In his writings, noted futurist and inventor Ray Kurzweil has said that he believes human technology will one day reach a point where the human life expectancy will be radically extended, resulting in near immortality. In a 2009 interview with Computerworld, Kurzweil put the date at which immortality could be achieved somewhere around 2040 or 2050 thanks to the ever-quickening pace of technological development and the rise of nanotechnology that will repair or even replace parts of the human body. Kurzweil may have overshot that date by a few decades, as today’s human achievement is the invention of nanospiders that can crawl along human DNA and change it.
DNA nanospiders, created by Columbia University scientists, are small robots (about 100,000 times smaller than the diameter of a human hair) made of DNA molecules. As ScienceNews reports:
The “arachnoid nanobots” have three to four legs and walk across expansive landscapes of exquisitely folded DNA. Some of these molecular machines can take 50 steps all by themselves. Others sport wiggly arms that can pick up and carry around nanoparticles.
Their purpose is to get DNA molecules to organize themselves and the spiders are powered by the natural DNA-DNA interactions programmed into their foundation. The spiders move along DNA“origami.” Created in 2006 by Caltech synthetic molecular biologist Paul Rothemund, DNA origami is an engineered strand of DNA that acts like a railroad track f or the spiders to move along and do their work.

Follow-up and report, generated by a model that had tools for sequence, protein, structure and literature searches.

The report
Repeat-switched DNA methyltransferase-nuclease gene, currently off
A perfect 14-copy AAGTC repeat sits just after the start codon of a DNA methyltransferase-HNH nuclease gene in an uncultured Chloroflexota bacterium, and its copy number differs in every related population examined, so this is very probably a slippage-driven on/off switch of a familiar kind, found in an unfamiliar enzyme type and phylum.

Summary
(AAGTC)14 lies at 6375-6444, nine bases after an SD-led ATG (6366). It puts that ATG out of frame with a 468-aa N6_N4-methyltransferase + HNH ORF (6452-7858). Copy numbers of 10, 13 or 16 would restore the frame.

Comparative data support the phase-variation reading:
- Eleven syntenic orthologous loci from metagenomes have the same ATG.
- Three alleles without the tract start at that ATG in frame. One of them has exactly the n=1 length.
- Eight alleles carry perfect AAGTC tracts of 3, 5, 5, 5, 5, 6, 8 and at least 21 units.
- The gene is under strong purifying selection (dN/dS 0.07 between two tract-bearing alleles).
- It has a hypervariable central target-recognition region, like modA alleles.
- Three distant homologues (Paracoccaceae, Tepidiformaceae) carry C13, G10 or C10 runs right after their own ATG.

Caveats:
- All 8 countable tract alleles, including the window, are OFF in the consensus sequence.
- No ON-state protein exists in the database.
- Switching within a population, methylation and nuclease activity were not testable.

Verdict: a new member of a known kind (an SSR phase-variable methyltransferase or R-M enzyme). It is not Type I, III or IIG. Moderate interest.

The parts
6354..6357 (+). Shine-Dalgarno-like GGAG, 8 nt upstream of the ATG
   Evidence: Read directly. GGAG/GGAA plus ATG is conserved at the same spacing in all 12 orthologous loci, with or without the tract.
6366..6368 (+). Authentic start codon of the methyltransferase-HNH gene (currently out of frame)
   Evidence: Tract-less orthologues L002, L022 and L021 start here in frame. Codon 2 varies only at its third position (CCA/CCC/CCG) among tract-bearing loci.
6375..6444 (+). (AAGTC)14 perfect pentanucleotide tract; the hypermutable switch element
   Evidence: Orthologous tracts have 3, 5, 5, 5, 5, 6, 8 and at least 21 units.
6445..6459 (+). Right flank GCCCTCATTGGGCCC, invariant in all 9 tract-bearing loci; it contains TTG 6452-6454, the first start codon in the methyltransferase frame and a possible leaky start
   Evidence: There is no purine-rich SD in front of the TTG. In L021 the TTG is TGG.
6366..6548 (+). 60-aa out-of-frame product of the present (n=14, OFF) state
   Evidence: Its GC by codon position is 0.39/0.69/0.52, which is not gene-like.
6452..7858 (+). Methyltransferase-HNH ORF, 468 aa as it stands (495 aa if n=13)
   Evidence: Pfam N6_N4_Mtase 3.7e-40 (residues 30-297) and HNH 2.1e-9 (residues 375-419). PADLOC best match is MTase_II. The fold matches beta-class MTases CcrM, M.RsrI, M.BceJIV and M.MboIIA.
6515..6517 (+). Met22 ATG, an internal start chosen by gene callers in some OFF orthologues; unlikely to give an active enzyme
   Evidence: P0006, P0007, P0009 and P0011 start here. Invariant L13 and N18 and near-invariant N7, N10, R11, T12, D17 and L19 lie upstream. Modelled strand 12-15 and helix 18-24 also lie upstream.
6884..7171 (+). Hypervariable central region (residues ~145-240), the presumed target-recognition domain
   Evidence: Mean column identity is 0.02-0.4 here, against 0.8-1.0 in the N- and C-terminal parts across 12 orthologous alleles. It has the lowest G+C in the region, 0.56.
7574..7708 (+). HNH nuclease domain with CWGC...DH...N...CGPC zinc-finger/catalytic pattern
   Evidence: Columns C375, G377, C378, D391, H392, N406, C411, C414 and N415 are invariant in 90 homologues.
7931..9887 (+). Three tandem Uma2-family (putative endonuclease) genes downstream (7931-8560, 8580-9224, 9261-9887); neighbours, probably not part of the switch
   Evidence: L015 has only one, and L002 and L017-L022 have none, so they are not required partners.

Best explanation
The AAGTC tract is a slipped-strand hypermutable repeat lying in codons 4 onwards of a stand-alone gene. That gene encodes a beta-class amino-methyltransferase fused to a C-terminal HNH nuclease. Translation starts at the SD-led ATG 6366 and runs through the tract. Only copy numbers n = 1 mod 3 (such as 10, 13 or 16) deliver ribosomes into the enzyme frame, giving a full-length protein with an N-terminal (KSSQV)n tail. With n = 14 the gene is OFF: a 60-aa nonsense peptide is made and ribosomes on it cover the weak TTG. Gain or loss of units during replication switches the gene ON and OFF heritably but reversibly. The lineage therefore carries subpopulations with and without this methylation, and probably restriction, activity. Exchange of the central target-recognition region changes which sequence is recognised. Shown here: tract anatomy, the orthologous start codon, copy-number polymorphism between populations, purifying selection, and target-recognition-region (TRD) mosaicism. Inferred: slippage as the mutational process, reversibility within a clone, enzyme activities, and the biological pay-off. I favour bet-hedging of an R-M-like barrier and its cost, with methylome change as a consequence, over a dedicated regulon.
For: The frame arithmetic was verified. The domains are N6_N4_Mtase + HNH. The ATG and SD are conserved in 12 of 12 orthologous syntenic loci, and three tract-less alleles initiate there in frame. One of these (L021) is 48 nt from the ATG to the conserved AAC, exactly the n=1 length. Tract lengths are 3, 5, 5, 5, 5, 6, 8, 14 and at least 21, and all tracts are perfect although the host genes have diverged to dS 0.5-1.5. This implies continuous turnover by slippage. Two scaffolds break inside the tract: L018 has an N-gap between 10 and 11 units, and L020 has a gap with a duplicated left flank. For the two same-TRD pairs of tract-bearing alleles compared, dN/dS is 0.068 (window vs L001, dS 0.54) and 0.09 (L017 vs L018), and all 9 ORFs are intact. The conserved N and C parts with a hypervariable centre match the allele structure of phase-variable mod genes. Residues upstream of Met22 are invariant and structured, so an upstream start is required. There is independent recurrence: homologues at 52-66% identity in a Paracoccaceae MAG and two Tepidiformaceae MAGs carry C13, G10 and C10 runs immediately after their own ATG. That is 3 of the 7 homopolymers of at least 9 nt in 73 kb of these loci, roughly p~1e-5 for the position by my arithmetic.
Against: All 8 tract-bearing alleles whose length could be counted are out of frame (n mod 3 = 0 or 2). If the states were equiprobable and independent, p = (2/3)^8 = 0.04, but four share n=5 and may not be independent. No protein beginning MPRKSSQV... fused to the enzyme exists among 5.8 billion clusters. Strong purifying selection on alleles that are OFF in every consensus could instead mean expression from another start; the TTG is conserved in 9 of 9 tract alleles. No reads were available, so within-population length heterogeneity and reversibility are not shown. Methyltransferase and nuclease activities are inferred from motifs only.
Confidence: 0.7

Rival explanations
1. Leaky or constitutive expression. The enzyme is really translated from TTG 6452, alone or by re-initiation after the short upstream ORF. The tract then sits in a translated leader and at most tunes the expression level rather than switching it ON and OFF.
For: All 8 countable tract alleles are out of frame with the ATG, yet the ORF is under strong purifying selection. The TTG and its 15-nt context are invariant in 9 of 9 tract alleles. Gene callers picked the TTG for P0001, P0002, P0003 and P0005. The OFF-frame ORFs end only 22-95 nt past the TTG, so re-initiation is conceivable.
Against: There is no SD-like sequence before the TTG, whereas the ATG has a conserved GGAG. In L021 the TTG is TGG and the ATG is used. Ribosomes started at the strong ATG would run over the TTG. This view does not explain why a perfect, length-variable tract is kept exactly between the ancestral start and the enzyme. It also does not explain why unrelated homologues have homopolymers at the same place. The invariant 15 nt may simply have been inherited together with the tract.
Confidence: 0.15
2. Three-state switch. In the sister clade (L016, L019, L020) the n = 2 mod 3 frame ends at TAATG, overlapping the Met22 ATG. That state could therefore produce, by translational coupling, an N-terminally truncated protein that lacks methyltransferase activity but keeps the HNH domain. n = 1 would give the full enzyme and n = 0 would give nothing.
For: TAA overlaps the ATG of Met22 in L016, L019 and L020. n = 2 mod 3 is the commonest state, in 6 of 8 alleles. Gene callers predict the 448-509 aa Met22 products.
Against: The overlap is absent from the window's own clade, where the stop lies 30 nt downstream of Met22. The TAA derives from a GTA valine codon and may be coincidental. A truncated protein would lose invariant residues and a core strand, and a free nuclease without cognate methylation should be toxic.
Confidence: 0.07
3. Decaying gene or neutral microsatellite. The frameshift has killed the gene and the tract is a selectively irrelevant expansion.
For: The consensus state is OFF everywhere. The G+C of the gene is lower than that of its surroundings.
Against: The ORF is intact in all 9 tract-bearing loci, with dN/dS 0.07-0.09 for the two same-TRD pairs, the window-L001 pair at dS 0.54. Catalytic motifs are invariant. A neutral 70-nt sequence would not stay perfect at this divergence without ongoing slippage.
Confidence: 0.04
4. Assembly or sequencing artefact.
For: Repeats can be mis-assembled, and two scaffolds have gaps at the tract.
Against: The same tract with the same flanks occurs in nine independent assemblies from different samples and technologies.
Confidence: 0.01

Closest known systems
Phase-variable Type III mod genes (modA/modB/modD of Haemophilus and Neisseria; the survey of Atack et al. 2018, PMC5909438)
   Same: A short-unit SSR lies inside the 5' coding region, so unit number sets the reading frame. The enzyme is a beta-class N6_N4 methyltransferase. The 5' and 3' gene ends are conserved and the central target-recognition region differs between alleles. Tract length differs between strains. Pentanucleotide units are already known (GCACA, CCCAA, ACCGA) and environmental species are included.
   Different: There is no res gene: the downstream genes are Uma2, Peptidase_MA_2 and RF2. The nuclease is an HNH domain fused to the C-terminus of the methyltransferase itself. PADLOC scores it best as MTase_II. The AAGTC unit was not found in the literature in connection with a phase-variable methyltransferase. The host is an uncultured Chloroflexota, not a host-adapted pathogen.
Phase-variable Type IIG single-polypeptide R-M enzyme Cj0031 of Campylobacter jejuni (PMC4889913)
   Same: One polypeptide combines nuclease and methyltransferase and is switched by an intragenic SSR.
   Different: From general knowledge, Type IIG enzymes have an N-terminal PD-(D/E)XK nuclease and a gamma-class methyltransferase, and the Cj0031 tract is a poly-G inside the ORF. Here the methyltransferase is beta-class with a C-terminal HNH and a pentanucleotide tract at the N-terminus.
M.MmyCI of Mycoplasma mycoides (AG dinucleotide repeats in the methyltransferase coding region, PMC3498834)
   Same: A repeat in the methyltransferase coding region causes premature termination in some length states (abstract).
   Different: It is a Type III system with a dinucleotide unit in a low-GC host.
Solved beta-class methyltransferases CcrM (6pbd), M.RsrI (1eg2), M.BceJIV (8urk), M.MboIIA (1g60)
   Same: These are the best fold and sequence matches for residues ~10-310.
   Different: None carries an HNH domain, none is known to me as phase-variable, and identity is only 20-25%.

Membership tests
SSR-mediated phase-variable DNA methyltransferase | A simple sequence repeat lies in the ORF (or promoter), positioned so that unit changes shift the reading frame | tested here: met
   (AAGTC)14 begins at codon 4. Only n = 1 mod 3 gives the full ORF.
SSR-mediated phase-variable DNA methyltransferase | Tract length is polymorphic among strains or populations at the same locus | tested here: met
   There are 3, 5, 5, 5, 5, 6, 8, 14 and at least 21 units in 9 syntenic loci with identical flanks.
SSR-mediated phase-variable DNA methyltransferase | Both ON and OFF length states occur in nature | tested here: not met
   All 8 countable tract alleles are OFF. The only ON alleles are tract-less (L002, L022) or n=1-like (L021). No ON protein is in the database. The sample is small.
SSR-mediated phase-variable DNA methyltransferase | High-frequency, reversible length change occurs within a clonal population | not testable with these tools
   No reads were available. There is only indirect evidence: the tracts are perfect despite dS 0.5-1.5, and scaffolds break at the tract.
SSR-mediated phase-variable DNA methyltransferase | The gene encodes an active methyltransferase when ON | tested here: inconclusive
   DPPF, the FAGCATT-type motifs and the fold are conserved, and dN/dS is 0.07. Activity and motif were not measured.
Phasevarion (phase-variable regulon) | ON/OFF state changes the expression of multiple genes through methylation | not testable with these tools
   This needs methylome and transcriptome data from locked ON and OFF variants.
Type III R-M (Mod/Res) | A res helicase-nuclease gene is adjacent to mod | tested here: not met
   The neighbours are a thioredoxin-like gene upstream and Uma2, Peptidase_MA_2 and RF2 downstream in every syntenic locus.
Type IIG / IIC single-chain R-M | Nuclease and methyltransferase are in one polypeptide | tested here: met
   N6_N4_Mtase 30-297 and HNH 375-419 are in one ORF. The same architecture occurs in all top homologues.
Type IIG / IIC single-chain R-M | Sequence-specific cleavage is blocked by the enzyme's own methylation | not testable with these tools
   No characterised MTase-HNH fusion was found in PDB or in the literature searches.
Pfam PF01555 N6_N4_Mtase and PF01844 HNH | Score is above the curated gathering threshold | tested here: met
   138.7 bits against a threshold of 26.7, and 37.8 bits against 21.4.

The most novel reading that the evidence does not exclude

Scientists hope the nanobots will one day do things like seek and destroy cancers in the human body, assemble nano-sized medical devices, and build tiny computers vastly smaller than current technology. According to the Daily Mail, the spiders can be programmed to sense the environment around them and react accordingly. They can already detect known disease markers on a cell surface, identify if it is a health threat, and then bring in a compound to destroy it.